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We have several config files in a project that 3 people are working on. However, those config files contain several lines that differ for each of us and so should not be changed or overwritten by commits. Yet Git won't let us pull changes from the other people unless we commit those config file changes which then means that it changes the other members configs again.

Being new to Git it seems that we either need to create branches and merge them every commit to update our code - or use .gitignore. What is the proper way to handle this situation? We all need constant access to the changes that the other members make.

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5 Answers 5

up vote 4 down vote accepted

Tracking an example config file is generally a good approach. You can then have an untracked local copy. You can use githooks to help you apply the differences. You can have the post-merge and post-checkout (and maybe even post-commit) recopy the tracked to the untracked, and possibly apply changes to create your customized version. How exactly you do the last bit is up to you - it's a script. A few calls to sed -i might do it though.

Another possibility, if you are able to use two config files, or the config files have some sort of "include" directive, is to have one tracked and one untracked.

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Don't check in the config file.

If need be you could have a config.example, which each of you copies to an untracked config file - this is how most projects handle this.

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I have been discovering the value of using sensible defaults in the application along with an optional config file that is ignored by version control. An example config file may be checked in, but with a different name; usually "config.example.yml" (or whatever extension makes sense for you).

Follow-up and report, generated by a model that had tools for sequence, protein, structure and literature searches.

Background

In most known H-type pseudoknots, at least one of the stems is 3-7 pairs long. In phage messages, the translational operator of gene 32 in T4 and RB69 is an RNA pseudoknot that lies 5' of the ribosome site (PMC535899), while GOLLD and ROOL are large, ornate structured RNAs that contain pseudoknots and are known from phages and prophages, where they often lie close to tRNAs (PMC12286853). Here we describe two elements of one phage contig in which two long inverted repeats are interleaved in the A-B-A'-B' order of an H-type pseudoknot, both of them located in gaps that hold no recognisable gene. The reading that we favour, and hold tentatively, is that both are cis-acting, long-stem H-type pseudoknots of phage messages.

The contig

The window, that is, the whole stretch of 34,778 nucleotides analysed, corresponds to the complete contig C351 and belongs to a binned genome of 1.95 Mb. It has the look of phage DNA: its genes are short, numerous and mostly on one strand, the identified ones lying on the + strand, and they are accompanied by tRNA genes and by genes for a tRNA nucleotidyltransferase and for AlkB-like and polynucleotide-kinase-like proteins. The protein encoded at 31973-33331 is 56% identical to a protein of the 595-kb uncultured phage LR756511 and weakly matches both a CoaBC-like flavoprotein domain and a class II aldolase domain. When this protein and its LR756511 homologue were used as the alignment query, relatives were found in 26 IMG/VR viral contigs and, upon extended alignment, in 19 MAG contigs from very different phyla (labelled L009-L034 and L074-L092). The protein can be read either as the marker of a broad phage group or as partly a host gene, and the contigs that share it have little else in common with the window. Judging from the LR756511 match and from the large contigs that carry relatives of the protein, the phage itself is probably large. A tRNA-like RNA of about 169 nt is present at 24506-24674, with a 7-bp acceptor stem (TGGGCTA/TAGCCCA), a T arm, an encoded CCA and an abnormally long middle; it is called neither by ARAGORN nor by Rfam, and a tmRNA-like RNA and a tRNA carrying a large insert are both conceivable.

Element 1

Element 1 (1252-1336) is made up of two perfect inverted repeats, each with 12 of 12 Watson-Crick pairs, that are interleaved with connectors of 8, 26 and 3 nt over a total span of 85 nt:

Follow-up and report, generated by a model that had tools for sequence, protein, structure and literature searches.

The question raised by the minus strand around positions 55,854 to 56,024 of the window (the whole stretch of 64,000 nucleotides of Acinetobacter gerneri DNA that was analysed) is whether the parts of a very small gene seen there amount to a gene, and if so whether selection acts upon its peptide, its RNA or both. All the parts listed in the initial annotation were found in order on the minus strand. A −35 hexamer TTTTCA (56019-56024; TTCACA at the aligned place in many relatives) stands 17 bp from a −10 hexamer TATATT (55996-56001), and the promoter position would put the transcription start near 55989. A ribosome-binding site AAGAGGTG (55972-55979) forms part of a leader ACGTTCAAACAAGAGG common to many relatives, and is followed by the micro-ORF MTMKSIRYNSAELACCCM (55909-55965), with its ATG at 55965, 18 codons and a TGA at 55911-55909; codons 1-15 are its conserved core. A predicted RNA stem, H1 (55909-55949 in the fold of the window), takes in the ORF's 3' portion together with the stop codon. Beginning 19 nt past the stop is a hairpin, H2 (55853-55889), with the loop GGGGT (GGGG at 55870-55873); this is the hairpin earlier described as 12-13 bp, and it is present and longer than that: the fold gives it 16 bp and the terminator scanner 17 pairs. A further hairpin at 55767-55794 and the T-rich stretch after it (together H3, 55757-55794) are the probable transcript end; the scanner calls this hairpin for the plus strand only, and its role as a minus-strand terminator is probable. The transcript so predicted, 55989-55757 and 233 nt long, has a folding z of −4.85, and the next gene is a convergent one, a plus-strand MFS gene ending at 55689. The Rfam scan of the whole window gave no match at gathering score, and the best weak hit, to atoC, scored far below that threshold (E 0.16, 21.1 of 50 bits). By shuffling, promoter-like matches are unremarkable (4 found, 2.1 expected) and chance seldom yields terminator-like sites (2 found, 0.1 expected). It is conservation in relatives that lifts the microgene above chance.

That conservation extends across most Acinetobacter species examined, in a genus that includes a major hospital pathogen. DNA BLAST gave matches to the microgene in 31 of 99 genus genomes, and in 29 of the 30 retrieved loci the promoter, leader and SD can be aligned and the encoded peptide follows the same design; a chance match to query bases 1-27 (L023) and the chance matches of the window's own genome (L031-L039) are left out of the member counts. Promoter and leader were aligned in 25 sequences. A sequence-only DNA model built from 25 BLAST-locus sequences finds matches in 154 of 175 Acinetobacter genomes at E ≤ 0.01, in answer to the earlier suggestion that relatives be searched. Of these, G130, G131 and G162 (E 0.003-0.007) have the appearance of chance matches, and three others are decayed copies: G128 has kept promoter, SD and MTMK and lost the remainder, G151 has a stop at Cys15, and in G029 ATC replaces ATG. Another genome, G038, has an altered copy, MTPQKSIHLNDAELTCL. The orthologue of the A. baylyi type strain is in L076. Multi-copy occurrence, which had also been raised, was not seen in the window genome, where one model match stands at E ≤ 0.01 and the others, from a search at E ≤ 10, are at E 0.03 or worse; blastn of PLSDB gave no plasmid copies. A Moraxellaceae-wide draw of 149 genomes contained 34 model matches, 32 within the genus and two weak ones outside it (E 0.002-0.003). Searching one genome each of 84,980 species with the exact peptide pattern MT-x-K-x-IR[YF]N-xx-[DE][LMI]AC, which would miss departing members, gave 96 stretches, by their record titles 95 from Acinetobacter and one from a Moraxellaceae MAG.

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You could also use the serious git-fu known as "rebase --onto", as outlined here.

As I understand this approach, you have your own config changes in a single commit on your own branch. Work on your own branch. Every so often you lop the branch off above your config commit, and sew it back onto master. Repeat as necessary.

A good diagram of this is in Scott Chacon's forthcoming Pro Git book.

I think this is one of those things with Git that it's best to figure out once. Use git config --global alias.lop 'rebase --onto etc. etc.' so that you can just type eg. git lop in the future.

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I'm pretty sure that I recommend against the following technique, but...

You could use filter drivers to set the config file appropriately for each developer. The checked in file could contain a generic value, and each developer would have a smudge rule that changes it for them.

For example, if the line in the file named 'config-file' you want to modify on a per-developer basis looks like:

config: default

Then a developer would have this in their local .git/info/attributes:

config-file filter=modify-config

and something like this in .git/config:

[filter "modify-config"]
    smudge = sed -e 's/^config:.*/config: developers value/'
    clean = sed -e '/^config/s/.*/config: default/'
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